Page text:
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Why Reed Article
I began talking with Reed graduates and undergraduates. They were some of the most interesting people I’ve ever met, each one eccentric in his or her own way, and all excited to talk about Reed. They were also wary of making Reed seem merely a place for cigarette-smoking intellectuals debating deep thoughts under dim lights. Everyone warned me that studying at Reed was the hardest they’d ever worked, explaining that intense motivation and a drive for excellence are necessary qualities for success.


The food was good, the graffiti was funny, and I was able to argue with a theater major about Ralph Nader and give my pizza crust to a hungry philosophy major. No one was narrow-minded and everyone was smart—and that is extremely cool.
It was the first college where the security guard played pool with the students. I want to go somewhere where I can change a teacher’s mind, where I can stay up arguing about environmentalist economics and whether the Leviathan has ever existed, whether time is an axis and if it can run backwards, how quintessence can weigh so much, and whether the arbitrary can ever be correct. I want to attend a college where leisure isn’t always 180 proof, where sports are for fun, and where life is an exotic fruit to be studied, probed, but also to be swallowed whole. I want to be with all different kinds of people, but with people who have that insatiable drive to understand, and who love it for the power that it gives them to move and shape themselves, their compatriots, and the world. I want to attend Reed College because of what I have become, not a somnambulist dutifully trodding my way to college but an intellectual explosion, waiting for a spark plug. Reed College is an intellectual hedonist’s paradise.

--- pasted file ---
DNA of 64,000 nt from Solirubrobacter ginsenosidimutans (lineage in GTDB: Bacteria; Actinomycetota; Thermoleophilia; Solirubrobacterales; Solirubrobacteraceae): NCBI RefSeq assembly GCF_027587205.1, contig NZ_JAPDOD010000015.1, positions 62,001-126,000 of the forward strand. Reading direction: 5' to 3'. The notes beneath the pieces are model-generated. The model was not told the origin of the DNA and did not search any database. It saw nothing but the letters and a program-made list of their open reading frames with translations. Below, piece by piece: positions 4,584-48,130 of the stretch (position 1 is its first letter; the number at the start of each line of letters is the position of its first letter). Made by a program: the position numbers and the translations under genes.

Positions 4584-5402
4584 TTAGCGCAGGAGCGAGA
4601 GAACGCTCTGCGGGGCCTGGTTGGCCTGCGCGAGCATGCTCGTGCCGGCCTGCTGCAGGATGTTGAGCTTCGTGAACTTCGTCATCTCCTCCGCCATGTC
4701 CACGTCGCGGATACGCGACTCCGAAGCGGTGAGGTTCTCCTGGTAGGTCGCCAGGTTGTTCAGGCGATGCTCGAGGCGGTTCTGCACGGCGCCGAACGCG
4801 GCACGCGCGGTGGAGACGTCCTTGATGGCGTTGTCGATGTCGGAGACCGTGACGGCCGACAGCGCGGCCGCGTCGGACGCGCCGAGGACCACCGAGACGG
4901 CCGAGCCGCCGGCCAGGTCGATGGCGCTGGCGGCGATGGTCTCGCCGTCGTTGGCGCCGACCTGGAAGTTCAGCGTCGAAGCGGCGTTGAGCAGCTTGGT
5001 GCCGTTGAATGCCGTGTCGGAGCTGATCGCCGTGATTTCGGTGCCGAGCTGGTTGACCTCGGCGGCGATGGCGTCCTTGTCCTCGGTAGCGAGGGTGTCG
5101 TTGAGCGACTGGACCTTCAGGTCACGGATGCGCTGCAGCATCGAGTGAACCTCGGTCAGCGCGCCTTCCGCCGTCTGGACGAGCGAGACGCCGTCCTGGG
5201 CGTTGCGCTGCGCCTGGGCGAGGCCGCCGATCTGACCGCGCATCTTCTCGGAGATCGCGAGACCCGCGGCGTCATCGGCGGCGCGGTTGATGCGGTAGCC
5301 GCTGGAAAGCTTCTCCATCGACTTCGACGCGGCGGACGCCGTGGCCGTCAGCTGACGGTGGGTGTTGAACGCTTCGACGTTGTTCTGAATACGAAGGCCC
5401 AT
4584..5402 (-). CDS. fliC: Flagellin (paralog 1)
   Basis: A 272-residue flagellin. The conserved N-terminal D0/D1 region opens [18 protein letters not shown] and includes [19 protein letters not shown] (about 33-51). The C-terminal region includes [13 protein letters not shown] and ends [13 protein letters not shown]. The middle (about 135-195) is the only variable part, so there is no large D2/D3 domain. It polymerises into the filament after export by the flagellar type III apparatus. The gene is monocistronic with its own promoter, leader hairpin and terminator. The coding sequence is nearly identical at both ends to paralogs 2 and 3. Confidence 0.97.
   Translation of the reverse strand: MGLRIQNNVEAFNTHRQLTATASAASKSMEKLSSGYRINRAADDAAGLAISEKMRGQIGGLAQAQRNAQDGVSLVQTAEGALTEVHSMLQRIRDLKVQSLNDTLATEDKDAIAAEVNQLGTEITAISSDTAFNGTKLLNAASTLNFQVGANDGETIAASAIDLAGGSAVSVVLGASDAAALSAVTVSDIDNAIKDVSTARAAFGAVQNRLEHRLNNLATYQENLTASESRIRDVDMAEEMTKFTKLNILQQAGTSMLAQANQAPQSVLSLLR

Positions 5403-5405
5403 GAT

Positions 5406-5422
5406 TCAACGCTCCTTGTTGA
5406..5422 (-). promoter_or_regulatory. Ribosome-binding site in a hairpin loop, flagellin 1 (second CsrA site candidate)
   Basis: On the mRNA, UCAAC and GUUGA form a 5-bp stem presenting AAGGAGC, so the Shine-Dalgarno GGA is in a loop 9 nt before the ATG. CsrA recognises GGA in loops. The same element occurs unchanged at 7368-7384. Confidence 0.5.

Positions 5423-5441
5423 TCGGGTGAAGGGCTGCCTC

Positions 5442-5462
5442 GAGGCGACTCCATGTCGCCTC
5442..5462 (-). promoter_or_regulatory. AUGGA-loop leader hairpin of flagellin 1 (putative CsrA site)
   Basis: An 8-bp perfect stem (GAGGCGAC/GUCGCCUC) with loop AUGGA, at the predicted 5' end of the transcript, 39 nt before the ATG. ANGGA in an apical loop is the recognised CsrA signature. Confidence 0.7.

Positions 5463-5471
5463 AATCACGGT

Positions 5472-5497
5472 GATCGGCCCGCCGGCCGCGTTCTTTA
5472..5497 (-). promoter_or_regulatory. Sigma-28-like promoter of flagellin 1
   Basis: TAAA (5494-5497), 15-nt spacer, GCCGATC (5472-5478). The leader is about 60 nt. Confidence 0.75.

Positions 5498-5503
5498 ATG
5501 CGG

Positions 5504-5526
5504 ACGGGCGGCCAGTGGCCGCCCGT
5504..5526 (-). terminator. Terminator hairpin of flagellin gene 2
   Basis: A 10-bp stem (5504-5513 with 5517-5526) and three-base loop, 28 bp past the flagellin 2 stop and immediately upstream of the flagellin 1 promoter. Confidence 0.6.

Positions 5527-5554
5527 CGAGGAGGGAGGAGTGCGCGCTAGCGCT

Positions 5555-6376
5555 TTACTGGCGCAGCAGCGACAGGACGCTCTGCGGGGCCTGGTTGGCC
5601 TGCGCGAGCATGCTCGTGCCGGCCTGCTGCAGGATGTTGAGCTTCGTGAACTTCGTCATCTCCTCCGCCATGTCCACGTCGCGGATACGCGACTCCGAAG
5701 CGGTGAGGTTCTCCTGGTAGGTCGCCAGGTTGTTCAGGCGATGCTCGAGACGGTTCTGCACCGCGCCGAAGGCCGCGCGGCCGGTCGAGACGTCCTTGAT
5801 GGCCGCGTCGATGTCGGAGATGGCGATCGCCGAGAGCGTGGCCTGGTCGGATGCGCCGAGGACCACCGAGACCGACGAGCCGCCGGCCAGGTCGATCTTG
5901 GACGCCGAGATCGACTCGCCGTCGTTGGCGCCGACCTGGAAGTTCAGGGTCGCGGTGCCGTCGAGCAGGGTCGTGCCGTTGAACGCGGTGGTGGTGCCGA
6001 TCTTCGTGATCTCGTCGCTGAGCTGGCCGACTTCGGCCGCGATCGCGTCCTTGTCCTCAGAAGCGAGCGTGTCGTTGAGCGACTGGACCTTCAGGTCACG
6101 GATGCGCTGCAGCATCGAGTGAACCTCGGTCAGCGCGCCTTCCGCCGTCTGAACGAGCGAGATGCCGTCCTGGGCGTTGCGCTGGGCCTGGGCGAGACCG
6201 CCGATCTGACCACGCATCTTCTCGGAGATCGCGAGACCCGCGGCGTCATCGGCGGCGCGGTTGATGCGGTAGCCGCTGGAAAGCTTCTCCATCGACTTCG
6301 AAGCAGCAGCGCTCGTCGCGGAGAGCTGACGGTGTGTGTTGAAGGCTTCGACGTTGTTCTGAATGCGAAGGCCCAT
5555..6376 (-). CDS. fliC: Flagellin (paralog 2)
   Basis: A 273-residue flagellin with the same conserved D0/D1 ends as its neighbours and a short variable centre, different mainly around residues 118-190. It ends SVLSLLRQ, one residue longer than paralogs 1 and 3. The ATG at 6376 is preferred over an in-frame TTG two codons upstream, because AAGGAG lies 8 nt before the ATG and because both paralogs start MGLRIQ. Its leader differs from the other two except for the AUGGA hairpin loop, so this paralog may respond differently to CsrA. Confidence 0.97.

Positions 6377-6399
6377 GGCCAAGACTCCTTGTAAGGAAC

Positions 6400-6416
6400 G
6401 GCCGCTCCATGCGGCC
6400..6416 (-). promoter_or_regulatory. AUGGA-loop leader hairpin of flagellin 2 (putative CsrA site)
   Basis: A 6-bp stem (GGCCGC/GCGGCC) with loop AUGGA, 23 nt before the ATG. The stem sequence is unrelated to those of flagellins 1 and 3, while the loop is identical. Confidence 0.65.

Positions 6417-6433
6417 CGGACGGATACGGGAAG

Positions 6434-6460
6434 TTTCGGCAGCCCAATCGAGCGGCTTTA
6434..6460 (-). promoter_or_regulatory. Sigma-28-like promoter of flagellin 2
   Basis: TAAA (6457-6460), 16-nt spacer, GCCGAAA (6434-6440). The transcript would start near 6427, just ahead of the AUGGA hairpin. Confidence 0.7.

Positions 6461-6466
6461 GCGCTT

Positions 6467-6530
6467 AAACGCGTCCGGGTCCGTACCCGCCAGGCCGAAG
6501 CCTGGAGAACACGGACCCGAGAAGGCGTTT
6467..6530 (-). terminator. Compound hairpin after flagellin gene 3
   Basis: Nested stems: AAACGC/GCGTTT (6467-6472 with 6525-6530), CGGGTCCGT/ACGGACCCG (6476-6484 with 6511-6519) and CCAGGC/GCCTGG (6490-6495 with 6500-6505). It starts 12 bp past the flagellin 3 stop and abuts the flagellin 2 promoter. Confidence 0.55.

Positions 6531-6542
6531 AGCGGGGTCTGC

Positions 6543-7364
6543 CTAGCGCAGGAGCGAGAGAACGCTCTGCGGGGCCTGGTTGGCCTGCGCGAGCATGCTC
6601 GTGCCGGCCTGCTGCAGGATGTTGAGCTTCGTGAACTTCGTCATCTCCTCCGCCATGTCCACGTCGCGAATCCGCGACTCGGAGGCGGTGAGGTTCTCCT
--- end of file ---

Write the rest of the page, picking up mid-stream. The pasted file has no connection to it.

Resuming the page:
I’d love to drive a motorized couch. My most infamous association with Reed took place long ago. It happened in a basement coffee shop that no longer exists. I couldn’t have been any older than three at the time. I was sitting with my father—who was still a professor there—when I spontaneously decided to stand up, walk to the middle of the room, gag, and die a terrifying and dramatic death. (Oh, the immunity of youth.) After a moment of silent surprise, a single Reed student shamelessly stood up and did the same . . . then another. . . and another. It wasn’t long before the whole coffee shop had keeled over and died right there on the floor. Any group with that much collective integrity is all right by me.
It’s not necessarily the fact that I want to return to painting with my fingers, but I would like to be able to color outside the lines without being told that I’m wrong.
Then, one day, while wandering the woods in search of fungi, my Walt Whitman-esque field biology teacher paused in reflection on the leaves of grass and, staring me straight in the eyes, whispered, “Have you ever heard of Reed College?”

[Classes for this group of bright, highly chargedfirst-year students, and the rest of Reed College, begin August 27)

End of Article

 
Reed Magazine Footer
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2001